MySpace's bizzare flirtation with Yahoo; Yahoo exiting search?

I was surprised in yesterday's news splashes on the potential swap of MySpace to Yahoo for roughly a quarter of Yahoo.

I am blogging on this because the news follow-up does not appear to have connected the dots about how bizarre this combination sounds economically and competitively.

While on the surface it seems logical because Yahoo was reportedly in talks to buy MySpace before NewsCorp did.

What makes this bizarre is what has transpired since.

  • NewsCorp took the no revenue MySpace exploding growth audience and did a deal with Google which guaranteed MySpace a minimum of $900m in ad revenue over four years.

GREAT article on privacy: "Is Google too big" PC World

Anyone concerned about their privacy should read the GREAT article in PC World on Google and privacy, and in particular should look at the call out box to see the risk about all that Google knows about you.  

  • The article does a great job of explaining all the ways that others and the government could easily access tons of private information on you via Google's huge cache of private information on you.
  • Google is quickly becoming the enabler of George Orwell's feared "Big Brother" in "1984."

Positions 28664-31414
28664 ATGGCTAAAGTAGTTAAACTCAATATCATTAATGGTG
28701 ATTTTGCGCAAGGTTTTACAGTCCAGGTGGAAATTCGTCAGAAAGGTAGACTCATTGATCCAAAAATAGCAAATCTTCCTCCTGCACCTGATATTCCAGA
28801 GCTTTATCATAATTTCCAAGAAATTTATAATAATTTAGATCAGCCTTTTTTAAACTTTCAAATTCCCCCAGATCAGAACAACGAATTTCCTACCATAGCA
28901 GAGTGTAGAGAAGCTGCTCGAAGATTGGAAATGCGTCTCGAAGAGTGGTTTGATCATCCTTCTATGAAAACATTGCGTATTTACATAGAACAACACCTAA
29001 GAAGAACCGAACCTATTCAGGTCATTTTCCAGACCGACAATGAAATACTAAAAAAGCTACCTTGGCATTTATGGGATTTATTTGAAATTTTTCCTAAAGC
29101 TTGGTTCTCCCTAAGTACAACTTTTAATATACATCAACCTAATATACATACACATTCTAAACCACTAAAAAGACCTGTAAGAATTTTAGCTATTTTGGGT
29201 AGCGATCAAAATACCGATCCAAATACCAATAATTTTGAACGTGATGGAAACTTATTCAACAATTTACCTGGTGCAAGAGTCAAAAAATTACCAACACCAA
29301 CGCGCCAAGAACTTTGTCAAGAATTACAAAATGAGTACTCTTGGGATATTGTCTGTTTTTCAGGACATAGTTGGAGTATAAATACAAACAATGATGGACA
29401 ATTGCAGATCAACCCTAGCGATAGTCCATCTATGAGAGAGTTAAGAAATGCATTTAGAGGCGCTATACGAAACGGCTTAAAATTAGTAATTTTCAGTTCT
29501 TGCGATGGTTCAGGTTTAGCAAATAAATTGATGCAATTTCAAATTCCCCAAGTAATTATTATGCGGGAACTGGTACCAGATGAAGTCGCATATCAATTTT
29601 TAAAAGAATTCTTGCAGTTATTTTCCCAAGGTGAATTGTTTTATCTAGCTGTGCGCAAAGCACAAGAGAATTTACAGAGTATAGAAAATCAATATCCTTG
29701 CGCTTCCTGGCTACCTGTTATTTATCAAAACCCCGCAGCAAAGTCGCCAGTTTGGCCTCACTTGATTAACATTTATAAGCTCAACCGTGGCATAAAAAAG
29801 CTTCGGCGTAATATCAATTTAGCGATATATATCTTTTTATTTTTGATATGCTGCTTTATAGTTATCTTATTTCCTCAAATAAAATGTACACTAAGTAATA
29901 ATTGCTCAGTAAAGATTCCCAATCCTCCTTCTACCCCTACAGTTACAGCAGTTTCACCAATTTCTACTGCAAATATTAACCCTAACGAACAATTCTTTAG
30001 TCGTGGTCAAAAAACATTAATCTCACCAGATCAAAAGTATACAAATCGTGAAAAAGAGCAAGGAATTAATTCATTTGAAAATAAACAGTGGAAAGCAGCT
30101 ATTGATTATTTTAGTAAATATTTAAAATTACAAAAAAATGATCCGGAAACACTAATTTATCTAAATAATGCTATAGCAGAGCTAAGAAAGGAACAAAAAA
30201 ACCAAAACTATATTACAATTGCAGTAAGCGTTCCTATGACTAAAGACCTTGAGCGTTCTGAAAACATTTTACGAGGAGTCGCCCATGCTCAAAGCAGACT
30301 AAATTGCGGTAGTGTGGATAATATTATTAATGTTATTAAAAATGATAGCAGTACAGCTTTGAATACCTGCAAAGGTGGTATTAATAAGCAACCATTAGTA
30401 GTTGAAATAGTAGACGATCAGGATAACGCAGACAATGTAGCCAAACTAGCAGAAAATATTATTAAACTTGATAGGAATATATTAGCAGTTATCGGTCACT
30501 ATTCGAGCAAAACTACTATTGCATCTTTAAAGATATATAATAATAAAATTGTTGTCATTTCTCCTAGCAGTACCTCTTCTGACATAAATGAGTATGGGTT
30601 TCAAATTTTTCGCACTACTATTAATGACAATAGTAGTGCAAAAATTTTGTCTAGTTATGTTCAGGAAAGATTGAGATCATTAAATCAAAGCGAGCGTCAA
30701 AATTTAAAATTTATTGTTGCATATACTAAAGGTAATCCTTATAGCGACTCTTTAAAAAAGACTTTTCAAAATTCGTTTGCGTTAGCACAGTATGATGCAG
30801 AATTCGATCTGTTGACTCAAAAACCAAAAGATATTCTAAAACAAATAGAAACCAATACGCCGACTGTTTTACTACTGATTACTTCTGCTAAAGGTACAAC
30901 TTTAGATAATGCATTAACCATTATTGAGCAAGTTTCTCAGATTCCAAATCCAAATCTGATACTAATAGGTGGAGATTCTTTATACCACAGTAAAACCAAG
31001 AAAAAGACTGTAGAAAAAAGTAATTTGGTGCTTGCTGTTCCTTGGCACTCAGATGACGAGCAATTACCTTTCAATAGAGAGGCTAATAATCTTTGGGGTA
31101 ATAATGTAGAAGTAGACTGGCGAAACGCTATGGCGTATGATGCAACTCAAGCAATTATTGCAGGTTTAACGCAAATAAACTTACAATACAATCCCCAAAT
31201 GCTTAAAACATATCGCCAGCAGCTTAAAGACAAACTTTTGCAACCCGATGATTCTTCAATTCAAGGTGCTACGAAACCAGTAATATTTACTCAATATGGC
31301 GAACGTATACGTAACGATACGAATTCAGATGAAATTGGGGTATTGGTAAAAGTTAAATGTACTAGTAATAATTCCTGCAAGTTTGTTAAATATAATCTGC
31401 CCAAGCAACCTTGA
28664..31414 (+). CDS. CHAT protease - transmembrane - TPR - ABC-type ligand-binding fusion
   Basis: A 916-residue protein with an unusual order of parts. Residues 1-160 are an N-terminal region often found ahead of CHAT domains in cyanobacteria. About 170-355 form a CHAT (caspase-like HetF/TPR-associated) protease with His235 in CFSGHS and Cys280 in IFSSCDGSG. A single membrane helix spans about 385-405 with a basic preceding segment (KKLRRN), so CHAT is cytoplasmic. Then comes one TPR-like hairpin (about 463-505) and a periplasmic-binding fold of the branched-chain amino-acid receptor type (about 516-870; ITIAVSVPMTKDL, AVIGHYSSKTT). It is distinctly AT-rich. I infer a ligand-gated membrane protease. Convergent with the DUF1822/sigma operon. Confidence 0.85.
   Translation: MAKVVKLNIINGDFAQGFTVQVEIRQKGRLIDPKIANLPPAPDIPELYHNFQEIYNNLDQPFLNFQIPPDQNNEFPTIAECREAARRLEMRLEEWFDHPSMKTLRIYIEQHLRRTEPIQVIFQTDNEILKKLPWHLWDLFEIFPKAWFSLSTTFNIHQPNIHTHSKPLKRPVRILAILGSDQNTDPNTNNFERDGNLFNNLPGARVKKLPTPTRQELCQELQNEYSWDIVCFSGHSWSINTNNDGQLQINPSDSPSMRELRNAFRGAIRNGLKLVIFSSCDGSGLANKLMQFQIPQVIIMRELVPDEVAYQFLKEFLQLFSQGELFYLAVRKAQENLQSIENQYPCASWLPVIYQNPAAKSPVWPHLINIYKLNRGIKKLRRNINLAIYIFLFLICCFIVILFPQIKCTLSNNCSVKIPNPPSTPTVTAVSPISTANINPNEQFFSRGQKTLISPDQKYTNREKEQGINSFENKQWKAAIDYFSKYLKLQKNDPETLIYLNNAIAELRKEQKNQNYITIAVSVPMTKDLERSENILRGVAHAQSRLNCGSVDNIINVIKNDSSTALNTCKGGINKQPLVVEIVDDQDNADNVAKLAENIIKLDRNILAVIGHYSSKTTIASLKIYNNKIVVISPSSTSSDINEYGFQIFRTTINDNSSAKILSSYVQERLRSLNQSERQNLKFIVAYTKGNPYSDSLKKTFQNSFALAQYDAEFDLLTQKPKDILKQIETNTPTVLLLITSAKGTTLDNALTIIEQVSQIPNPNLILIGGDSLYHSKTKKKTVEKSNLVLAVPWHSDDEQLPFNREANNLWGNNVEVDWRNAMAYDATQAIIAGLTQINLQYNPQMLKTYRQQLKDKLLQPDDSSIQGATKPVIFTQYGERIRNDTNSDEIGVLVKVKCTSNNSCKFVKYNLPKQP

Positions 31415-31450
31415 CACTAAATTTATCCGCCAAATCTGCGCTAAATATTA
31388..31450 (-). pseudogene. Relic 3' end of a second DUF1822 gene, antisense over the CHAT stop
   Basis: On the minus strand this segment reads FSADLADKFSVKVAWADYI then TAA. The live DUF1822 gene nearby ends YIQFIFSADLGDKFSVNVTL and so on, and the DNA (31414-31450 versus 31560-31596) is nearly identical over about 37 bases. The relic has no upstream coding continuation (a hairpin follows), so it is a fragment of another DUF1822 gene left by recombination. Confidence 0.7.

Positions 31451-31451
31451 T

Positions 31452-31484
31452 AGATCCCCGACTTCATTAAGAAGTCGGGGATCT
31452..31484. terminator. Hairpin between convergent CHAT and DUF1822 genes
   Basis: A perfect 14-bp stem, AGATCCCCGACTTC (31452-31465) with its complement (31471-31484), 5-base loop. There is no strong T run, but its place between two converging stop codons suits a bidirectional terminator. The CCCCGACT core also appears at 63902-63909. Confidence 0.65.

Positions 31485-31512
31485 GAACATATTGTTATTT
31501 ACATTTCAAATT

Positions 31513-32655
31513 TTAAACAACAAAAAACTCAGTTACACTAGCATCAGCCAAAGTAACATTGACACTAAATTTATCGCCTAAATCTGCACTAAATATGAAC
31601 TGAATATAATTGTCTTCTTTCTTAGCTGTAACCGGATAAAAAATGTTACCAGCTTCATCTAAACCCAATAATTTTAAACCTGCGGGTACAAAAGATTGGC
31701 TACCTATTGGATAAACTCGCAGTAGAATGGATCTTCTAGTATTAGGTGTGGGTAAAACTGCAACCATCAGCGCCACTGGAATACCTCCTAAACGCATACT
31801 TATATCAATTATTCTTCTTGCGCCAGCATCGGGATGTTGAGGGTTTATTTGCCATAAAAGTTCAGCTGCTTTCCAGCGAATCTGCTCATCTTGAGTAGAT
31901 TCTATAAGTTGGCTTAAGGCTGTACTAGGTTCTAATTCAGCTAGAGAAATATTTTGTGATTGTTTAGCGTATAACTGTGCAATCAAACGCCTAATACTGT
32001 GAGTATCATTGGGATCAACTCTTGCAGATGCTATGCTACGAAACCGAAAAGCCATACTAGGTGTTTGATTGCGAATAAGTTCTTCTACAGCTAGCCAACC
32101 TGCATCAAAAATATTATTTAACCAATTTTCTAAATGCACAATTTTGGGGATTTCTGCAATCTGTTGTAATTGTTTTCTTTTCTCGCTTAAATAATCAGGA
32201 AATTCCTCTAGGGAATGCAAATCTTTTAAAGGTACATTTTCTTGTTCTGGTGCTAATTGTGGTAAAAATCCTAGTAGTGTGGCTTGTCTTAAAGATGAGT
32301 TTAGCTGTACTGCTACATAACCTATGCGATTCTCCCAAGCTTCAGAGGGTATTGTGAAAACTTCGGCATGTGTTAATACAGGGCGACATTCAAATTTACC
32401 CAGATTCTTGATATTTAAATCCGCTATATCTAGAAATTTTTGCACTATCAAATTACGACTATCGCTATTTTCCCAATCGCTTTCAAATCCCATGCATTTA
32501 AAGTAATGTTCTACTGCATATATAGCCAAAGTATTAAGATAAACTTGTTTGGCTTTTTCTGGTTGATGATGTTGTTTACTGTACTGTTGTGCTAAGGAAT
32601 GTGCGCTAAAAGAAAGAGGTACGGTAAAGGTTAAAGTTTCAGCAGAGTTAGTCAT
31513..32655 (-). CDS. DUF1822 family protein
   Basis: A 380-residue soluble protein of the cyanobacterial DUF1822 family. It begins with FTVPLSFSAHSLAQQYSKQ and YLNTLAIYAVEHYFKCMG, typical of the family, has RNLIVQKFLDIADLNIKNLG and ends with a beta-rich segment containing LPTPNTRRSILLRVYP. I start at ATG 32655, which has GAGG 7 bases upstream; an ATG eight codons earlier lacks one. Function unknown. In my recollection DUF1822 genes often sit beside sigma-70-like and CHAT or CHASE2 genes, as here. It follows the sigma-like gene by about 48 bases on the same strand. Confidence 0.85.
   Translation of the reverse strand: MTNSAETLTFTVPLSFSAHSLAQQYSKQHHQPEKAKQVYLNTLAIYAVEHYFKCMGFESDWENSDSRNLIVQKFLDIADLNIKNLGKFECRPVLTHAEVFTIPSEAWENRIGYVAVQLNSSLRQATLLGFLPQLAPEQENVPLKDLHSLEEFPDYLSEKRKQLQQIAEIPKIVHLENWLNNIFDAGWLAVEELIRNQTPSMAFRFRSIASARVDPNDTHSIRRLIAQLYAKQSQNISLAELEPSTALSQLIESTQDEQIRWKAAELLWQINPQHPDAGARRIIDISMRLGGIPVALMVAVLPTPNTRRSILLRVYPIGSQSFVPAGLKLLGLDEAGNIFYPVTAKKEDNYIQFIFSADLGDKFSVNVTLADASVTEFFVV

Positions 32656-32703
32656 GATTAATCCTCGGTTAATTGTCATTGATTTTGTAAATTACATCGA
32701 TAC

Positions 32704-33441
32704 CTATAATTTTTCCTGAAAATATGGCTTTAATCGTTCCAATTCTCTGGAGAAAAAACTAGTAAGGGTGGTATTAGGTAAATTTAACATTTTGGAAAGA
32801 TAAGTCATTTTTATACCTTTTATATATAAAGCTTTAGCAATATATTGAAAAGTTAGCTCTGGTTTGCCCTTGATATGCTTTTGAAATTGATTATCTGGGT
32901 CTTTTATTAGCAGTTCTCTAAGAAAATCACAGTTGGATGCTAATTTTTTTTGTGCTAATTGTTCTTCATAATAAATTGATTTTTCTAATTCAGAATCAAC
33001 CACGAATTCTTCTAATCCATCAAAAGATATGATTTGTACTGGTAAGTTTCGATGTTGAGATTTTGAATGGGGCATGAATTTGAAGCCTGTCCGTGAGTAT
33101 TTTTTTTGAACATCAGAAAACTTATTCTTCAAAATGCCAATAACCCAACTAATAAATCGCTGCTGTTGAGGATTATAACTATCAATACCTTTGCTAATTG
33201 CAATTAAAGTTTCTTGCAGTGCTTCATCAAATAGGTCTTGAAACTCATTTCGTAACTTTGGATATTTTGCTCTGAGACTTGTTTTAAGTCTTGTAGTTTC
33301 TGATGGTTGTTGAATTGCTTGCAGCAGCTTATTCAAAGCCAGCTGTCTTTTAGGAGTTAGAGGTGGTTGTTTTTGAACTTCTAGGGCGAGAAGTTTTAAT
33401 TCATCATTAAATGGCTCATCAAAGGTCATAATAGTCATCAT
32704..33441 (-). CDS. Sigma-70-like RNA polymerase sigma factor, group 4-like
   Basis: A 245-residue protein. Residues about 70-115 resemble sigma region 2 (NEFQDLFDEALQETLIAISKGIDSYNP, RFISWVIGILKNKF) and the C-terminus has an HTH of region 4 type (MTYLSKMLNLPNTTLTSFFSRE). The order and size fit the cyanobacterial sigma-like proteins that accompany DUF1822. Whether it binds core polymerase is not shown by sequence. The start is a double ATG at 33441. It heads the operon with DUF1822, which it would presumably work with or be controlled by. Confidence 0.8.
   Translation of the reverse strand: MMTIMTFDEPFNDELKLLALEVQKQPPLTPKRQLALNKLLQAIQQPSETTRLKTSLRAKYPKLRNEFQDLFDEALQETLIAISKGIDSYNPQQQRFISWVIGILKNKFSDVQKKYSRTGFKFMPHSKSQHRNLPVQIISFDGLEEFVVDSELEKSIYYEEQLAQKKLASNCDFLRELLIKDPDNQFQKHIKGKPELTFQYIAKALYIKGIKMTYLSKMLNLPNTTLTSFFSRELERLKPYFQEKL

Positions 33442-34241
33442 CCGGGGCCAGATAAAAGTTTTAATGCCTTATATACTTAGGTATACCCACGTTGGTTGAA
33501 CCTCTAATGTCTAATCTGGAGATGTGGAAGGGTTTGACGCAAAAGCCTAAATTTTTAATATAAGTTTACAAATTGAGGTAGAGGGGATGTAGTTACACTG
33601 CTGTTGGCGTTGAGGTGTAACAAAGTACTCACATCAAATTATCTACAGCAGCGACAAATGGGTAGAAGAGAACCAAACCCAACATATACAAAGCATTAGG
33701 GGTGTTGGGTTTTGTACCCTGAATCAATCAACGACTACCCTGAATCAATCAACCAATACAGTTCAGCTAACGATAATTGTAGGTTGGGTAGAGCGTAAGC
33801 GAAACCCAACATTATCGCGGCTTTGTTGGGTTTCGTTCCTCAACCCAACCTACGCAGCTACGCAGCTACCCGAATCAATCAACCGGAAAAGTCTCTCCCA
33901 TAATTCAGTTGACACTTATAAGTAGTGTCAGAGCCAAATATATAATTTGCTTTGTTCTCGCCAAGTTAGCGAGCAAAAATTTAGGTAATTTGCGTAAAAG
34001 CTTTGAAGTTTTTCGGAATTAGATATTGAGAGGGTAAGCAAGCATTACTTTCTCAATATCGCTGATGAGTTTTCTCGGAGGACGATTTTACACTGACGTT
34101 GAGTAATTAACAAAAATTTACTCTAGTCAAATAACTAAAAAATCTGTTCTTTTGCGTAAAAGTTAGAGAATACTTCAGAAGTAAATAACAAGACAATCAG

Let's see if the mainstream press picks up on this obvious and interesting populist story... it has legs.

The privacy dark side of Google's antitrust win over Microsoft

 

Anyone interested in privacy issues, should be on a heightened sense of alert, because Google has just won a big victory in getting its "pryware" deeper into the average American's private life.

The media focused only on the antitrust angle in covering Google's antitrust complaint against Microsoft, for not making it easy enough in its new Vista operating system for users to select Google as its search engine of computers' INTERNAL hard drive.

Fear (NOT paranoia) "about Google's growing power" -- Reuters

Reuters did a decent article on Google and growing privacy concerns about Google practices.

  • My beef is with the editor's choice of words in the title.
  • Either the editor does not know the real definition of "paranoia" or the editor was trying to cut the knees out from under the reporter's story and soften the article.
    • I've included the definitions of "paranoia" and "fear" from www.dictionary.com at the bottom of this post.